IN RE: MAXWELL. CLICK et al. v. BRUNNING.
The mother of Linda Maxwell appeals from a judgment entered in 1951 pursuant to section 701 of the Welfare and Institutions Code declaring that the child is free from the custody and control of her mother. In 1947, when Linda was 5 years old, she had been declared a ward of the Juvenile Court, and the mother deprived of her custody because of the mother's then excessive drinking. Since then the child has been placed in several foster homes. Since 1948 she has been in the home of the Clicks. In January of 1951 the Clicks filed the instant proceeding as the preparatory step to the adoption of Linda. The hearing on the petition was had in December of 1951. The basic contention of appellant is that the evidence is insufficient to support findings removing the child from the custody and control of the mother under any of the subdivisions of section 701 of the Welfare and Institutions Code.
At the hearing the following facts were developed: Linda was born, out of wedlock, in Arkansas on August 19, 1942. The father of the child has never contributed to her support. Early in 1943 appellant and Linda came to California where appellant worked at various jobs and finally took up her residence in Oakland. Sometime in 1946 appellant quit work and lived thereafter on her unemployment insurance. During this time, and until 1950, appellant admitted that she was an alcoholic. In April of 1947 Linda was declared a ward of the Juvenile Court and committed to the custody of the probation officer for placement in a foster home.
For a short time Linda was placed in several local foster homes, and then was placed with appellant's sister who took the child to Oregon. In 1948 Linda was returned to the court by appellant's sister, she being unable to care for the child any longer. On September 2, 1948, the child was then placed with the Clicks as foster parents, where she has remained since. The Clicks, as foster parents, have received $50 per month from the county for the child's care. They have furnished the child with loving care and a fine home. The child's health and mental attitude have improved since residing with the Clicks, and she has made a good adjustment to her new environment. In January of 1951 the Clicks filed a petition to adopt Linda, after discovering the whereabouts of appellant, but appellant refused her consent. Whereupon, the present proceeding was instituted.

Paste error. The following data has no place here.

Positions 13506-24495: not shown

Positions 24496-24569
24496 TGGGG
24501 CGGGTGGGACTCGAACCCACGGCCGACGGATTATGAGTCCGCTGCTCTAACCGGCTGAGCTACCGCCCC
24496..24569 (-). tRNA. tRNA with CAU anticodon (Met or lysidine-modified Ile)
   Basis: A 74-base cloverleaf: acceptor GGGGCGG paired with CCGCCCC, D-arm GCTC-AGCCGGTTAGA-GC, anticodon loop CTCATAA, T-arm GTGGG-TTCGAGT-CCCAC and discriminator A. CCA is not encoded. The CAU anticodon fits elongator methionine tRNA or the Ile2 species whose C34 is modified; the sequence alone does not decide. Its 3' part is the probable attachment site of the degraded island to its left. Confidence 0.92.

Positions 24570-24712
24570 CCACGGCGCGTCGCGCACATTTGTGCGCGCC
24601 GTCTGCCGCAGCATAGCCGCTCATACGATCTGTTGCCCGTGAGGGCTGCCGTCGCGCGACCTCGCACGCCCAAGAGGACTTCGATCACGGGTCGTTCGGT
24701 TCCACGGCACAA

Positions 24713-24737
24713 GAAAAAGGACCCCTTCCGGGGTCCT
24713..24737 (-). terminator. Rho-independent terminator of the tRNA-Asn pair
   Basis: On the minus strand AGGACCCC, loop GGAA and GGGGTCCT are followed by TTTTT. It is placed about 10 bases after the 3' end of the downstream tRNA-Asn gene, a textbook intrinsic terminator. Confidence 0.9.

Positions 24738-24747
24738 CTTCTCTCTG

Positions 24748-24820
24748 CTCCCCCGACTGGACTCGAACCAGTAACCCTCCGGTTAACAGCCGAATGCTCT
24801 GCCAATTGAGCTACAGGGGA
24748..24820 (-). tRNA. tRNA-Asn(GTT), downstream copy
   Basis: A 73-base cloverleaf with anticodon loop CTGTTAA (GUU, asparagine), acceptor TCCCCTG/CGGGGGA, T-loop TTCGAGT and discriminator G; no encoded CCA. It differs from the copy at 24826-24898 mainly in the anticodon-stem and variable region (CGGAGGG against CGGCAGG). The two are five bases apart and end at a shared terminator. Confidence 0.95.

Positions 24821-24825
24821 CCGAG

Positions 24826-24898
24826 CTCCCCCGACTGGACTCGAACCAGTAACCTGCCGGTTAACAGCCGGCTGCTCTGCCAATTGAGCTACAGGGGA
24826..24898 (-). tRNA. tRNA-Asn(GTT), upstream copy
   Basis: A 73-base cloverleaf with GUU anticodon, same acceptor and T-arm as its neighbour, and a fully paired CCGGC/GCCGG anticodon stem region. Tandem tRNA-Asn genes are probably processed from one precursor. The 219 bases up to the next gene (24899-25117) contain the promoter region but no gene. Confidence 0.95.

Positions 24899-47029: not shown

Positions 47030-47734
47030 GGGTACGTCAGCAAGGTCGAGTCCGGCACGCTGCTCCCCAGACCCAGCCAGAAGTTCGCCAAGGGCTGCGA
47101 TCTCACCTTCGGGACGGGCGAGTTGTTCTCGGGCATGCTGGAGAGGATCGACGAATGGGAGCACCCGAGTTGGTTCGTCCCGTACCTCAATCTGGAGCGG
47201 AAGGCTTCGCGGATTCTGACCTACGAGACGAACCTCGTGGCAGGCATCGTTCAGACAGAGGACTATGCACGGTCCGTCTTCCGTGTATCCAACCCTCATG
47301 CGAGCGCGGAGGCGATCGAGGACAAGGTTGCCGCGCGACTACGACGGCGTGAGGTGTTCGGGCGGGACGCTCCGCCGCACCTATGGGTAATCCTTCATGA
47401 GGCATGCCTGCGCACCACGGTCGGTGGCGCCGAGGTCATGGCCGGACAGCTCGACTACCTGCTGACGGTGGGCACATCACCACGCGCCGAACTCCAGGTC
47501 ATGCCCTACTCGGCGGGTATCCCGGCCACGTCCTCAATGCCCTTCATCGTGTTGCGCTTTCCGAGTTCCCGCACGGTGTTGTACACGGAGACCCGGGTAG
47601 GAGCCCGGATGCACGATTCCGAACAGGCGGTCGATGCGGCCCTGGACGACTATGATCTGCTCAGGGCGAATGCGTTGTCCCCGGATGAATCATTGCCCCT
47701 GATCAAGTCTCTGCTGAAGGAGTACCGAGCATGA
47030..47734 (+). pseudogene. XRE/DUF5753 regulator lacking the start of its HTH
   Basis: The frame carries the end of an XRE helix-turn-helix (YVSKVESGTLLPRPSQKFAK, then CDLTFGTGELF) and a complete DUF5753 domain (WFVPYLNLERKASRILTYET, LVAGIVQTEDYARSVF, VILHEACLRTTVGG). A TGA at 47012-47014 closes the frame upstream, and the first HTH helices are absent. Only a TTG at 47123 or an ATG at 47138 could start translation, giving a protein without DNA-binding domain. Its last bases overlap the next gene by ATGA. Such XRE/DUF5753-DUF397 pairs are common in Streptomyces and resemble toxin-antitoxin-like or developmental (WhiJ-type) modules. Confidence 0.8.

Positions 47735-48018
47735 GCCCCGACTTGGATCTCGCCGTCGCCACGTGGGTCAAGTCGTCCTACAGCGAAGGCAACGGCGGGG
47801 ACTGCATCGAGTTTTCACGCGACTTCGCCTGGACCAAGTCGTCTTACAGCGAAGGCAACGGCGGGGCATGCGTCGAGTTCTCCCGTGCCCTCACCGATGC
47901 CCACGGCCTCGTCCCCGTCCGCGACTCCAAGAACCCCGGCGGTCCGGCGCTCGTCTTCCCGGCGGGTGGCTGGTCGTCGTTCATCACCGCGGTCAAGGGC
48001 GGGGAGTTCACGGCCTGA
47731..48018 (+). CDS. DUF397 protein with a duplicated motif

From September of 1948 to January of 1951 appellant made no effort to see or to contact her daughter through any official agency. She testified that she called once (apparently in 1949) at the court and asked for a particular social worker. When told that the named employee was no longer there, no other inquiry was made. Appellant did (apparently in the summer of 1949) make some inquiry of a Mrs. Emro, a friend who had taken care of Linda for a short time before she was declared a ward of the court and who had made the initial complaint to the juvenile authorities. Mrs. Emro, who had no connection with the Juvenile Court or probation office, told appellant that the child was being well cared for and was out of town, but refused to give appellant the child's address.
No other effort to locate or to communicate with Linda was made until February of 1951. Appellant testified that respondent's lawyer had located her in December of 1950 trying to secure her consent to the adoption, and that in February of 1951 she made inquiry of a social worker at the probation office. The social worker refused to give appellant the child's address on the ground that the present proceeding was then pending, and that the issues involved would have to be resolved by the judge. Appellant did discover the child's whereabouts shortly thereafter. Between then and December of 1951 (the date of the trial) she visited the child twice, and the Clicks brought the child to see her several times. Appellant sent the child a birthday gift in August of 1951, but at no time did she furnish any clothes for the child or offer to contribute to her support. The Clicks made no demand for any such contribution.
The Clicks started to look for appellant in 1950. Their lawyer discovered her general whereabouts in December of 1950, but did not definitely locate her until January of 1951. At that time appellant was living in Oakland with her husband and new child.
Appellant admitted that she continued to drink to excess after Linda was declared a ward of the court in April of 1947, until 1950. In December of 1949 she married Benjamin Brunning, a boilermaker who averages better than $400 a month income. She sought medical treatment for alcoholism in January of 1950, and from November of 1950 to the time of trial in December of 1951 had not had a drink. At the time of trial she was still taking medicine under doctor's orders to help her conquer the drinking habit. Her doctor is hopeful of a complete cure.
The marriage of the Brunnings is happy and harmonious. The couple live in a comfortable rented house in Oakland that has a bedroom for Linda should she return to her mother. They have a child born to them in July of 1950. Mr. Brunning testified that he was willing to accept Linda into their home and to support her. Appellant testified that at no time did she intend to abandon Linda.